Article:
Since the onset of the coronavirus pandemic, consumer confidence has shifted dramatically in all 50 states. However, the precise magnitude and nature of those shifts varies in important ways, and those nuances carry vast implications for policymakers, businesses, and other leaders as they seek to understand the unfolding crisis and respond effectively. This report, based on Morning Consult Economic Intelligence data, tracks state-by-state consumer sentiment since the beginning of the year, and will be updated twice a month to reflect the latest data.
How we measure consumer confidence: Each day, Morning Consult surveys over 6,000 U.S. consumers on their views regarding current and future personal financial conditions and business conditions in the country as a whole. The results from those survey interviews are inputted into the Morning Consult Index of Consumer Sentiment (ICS), with higher numbers indicating higher consumer confidence. For context, the ICS at a national level was 87.37 as of July 1. A full methodology is available at the bottom of the page.
Heat Map: How Consumer Confidence Has Shifted
Use the slider to track how consumer confidence has shifted.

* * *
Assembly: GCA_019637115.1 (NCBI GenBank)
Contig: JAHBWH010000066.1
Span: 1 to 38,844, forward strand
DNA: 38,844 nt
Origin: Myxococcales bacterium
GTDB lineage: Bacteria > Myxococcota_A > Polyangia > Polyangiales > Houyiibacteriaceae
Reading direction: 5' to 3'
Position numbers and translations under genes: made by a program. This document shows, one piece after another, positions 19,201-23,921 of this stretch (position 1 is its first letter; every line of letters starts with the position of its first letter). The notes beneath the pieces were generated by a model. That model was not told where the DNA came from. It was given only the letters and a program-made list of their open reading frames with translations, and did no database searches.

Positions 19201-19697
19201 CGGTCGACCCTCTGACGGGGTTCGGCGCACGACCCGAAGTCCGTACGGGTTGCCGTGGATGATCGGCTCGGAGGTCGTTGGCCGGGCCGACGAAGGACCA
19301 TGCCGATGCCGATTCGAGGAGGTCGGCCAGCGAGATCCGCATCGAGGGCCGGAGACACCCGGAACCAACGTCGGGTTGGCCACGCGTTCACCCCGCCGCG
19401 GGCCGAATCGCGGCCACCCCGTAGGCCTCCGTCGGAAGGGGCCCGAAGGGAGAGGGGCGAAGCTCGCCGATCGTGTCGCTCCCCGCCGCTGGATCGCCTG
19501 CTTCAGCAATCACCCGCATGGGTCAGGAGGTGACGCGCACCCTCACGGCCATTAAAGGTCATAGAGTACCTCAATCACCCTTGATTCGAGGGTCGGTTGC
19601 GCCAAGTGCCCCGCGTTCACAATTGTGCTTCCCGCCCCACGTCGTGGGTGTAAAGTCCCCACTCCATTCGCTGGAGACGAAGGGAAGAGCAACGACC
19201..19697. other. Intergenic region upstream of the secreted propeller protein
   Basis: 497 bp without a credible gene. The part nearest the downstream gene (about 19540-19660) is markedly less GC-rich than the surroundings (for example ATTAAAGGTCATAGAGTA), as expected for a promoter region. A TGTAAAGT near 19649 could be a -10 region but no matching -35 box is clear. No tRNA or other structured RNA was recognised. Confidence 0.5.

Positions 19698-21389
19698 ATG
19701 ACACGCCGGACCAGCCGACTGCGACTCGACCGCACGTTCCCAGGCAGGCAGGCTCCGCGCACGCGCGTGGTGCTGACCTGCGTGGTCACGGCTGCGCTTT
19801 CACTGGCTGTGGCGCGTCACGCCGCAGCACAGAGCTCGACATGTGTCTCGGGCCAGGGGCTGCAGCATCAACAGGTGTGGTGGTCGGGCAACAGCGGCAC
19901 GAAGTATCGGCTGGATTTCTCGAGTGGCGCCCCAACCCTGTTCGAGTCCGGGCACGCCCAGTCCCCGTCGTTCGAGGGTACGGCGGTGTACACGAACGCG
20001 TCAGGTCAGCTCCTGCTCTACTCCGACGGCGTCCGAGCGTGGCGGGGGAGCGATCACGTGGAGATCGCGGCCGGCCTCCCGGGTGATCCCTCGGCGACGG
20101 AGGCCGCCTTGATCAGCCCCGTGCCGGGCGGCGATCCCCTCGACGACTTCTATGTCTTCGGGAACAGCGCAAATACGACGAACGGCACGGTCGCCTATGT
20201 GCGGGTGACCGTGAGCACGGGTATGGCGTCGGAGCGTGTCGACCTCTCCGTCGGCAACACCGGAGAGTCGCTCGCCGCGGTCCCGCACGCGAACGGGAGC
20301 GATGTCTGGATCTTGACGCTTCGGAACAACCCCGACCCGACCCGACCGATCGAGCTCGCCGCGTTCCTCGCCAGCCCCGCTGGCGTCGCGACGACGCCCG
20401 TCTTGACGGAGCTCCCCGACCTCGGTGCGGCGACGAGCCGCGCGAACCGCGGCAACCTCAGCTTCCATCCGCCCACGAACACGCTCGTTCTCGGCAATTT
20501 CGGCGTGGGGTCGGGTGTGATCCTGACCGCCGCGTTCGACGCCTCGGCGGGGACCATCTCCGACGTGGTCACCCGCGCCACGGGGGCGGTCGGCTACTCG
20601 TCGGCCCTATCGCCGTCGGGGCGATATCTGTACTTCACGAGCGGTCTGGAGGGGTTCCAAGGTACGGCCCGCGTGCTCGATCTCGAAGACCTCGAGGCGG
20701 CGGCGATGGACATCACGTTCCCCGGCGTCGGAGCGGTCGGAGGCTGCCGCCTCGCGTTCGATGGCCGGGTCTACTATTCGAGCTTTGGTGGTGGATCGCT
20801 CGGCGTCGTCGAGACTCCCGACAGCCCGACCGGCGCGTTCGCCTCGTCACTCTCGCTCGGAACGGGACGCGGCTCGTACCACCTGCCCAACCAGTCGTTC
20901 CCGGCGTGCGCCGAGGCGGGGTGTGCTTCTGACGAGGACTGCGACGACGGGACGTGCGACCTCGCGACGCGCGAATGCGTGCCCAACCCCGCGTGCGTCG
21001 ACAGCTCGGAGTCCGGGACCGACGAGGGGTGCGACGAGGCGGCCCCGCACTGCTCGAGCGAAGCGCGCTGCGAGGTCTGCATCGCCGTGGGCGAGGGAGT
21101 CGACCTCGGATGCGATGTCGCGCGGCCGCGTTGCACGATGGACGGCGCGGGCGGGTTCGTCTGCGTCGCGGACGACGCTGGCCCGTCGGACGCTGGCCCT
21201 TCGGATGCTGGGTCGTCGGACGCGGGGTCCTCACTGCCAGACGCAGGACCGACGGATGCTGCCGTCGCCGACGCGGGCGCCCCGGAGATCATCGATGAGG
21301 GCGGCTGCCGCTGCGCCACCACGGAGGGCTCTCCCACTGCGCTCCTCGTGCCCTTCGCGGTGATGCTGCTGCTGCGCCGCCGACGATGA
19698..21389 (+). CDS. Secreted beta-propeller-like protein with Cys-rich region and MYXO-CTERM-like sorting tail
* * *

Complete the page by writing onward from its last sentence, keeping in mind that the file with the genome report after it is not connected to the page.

Takeaways From The Latest Data
- Over the past two weeks, trends in consumer confidence in a given state closely correspond to the number of new per capita COVID-19 cases in that state. From June 16 to July 1, consumer confidence plateaued or even moderately decreased in states with increasing new per capita COVID-19 cases. Conversely, consumers in states with stable or decreasing daily per capita COVID-19 cases grew more optimistic about the economy and their personal finances.
- Unlike during the initial fall in confidence in mid-March when consumers across the country responded relatively similarly, more recent developments reflect regional dynamics, as discussed in detail in the June 15 analysis.
- While the relationship between daily per capita COVID-19 cases and consumer confidence is present across most states, it is not a universal rule. Consumers across the country may view differently the economic costs associated with increases in COVID-19 cases, or they may more directly experience the benefits of reopening segments of the economy. For example, many Americans who lost their jobs as a result of the virus remain unemployed. While a second wave of the virus may decrease the likelihood of these Americans returning to work, they already suffered the acute financial harm inflicted by the coronavirus pandemic.
- From June 16 through July 1, consumer confidence in Arizona, Florida, Georgia, Nevada, South Carolina and Texas remained flat or even decreased. All of these states reported increases in daily per capita COVID-19 cases since June 16. All of these states exhibit a fairly clear peak or plateau in confidence on or around June 20, with Arizona and Nevada trending downwards since then.